This is a very popular map right now among the wonky liberal bloggers of the grown-up end of the internet. It is designed to make the electoral college and the Senate more "democratic." Which defeats the point of those institutions!

See, in this map, every region has an approximately equal population of 5.6 million people. Very nice! Until the next census, of course, when a national redistricting would become the biggest political shitshow since impeachment. But that is just one of the problems with this map!

If we want to make the electoral college more small-d democratic, we need to abolish it. If we want the Senate to move closer to our one-man, one-vote ideal, we need to burn it down. Those institutions are designed to subvert popular democracy, and they've become so entrenched and so broken than they basically cannot be salvaged at this point.

Back when Al Gore won the popular vote but lost the presidency, liberals decided the electoral college was a bad thing that needed to go away. Now that Barack Obama can't pass legislation with huge congressional majorities, they have decided that the Senate is bad and needs to be replaced. (Both of those positions are 100% correct, of course! It's just that no one complained about those things until they were bad for Democrats, which makes the complaints seem a bit "partisan.") (Actually lots of people complained about them, but they were all academics or huge nerds. Not important, influential people, like bloggers and Slate columnists.)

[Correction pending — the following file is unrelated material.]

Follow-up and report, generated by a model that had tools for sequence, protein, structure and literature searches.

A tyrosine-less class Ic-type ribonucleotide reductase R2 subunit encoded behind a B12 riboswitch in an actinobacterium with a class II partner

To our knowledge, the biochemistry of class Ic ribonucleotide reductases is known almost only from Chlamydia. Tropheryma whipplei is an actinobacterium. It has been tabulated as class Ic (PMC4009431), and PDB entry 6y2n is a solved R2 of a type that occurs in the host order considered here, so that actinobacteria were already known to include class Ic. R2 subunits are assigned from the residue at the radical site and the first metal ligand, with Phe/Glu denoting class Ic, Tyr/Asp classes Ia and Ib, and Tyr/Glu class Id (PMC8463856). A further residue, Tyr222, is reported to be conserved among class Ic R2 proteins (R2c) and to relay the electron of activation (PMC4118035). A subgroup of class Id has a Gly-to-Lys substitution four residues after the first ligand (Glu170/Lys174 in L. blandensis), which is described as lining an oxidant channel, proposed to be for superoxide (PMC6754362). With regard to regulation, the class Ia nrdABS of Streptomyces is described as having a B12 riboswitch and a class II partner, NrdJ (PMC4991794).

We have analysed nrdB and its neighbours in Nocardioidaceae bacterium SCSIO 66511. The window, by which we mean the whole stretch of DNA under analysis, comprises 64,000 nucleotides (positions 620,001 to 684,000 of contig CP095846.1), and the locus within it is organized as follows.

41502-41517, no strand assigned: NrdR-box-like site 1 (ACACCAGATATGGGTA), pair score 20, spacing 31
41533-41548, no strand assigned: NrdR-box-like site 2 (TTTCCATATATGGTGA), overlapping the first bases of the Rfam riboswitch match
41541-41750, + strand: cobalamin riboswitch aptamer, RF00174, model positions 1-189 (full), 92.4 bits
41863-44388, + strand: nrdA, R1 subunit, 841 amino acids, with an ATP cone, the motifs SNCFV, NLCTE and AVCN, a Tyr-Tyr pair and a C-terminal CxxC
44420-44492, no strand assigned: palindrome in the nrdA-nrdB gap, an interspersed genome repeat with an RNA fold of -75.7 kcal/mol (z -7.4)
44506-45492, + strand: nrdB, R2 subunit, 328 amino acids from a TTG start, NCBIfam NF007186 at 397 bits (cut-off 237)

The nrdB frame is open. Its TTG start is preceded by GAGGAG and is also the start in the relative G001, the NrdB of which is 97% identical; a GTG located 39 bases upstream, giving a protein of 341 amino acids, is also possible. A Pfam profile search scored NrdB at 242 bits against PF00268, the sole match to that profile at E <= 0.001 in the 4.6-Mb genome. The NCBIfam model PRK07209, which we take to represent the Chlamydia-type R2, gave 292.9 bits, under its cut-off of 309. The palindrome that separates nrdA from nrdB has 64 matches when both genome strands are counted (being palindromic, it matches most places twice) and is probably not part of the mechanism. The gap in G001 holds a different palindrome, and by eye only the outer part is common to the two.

Here is one of the problems with getting rid of the filibuster, though: it is very popular!

Do you remember the last time the filibuster was under fire? It was because Republicans wanted straight up-and-down votes on Bush's judicial nominees. And Democrats were obstructing. And they almost went nuclear! So at the time, the entire liberal media decided that despite its history, the filibuster was totally an important and beloved tool of democracy.*

And all that coverage of Republicans threatening to "go nuclear" and blow up the Senate and all that made the filibuster even more popular. Both with Senators and with the populace. Basically this is Capra's fault. No one actually knows that the filibuster was only used for evil in the 20th Century. No one on the non-internet news is ever like "the filibuster is the minority's one check against tyranny of the majority, and before the Clinton era it was used only to make sure black people didn't get to vote." They leave out the second part.

In fact, many of the worst, most undemocratic aspects of our weird and broken system of government are generally looked on somewhat fondly by people who haven't thought about this sort of thing since Schoolhouse Rock. The idea that small states need disproportionately powerful representation in the Senate to balance out the big states, for example. When the majority of the coastal elite corporate media happily buys into the "Real America" and "Fake America" dichotomy, it makes perfect Real American common sense that Wyoming oughtta be just as powerful as those bastards in New York.

(Though no one is particularly fond of the Supreme Court anymore, at least. Conservatives because of the court's brief mid-20th century foray into progressivism and liberals because of the entire rest of the history of those miserable gangsters.)

But! As Peter Feld always tells us, it is impossible to get people to pay attention to "process" stories. Apparently those are boring? So, no—nothing will be done about the filibuster or the electoral college. At least until Republicans gain a 60 seat Senate majority and a GOP presidential candidate wins the popular vote but loses Florida or Ohio. So pray for that if you want reform.

(From Fake is the New Real via Matt Yglesias via James Fallows)

*I'm almost sympathetic to the idea that because judges are lifetime appointments who can only be removed under extreme circumstances they could be subject to a 60-vote standard, and legislation, which can be repealed, should only need a simple majority. Almost. It is a little bit self-serving though, isn't it?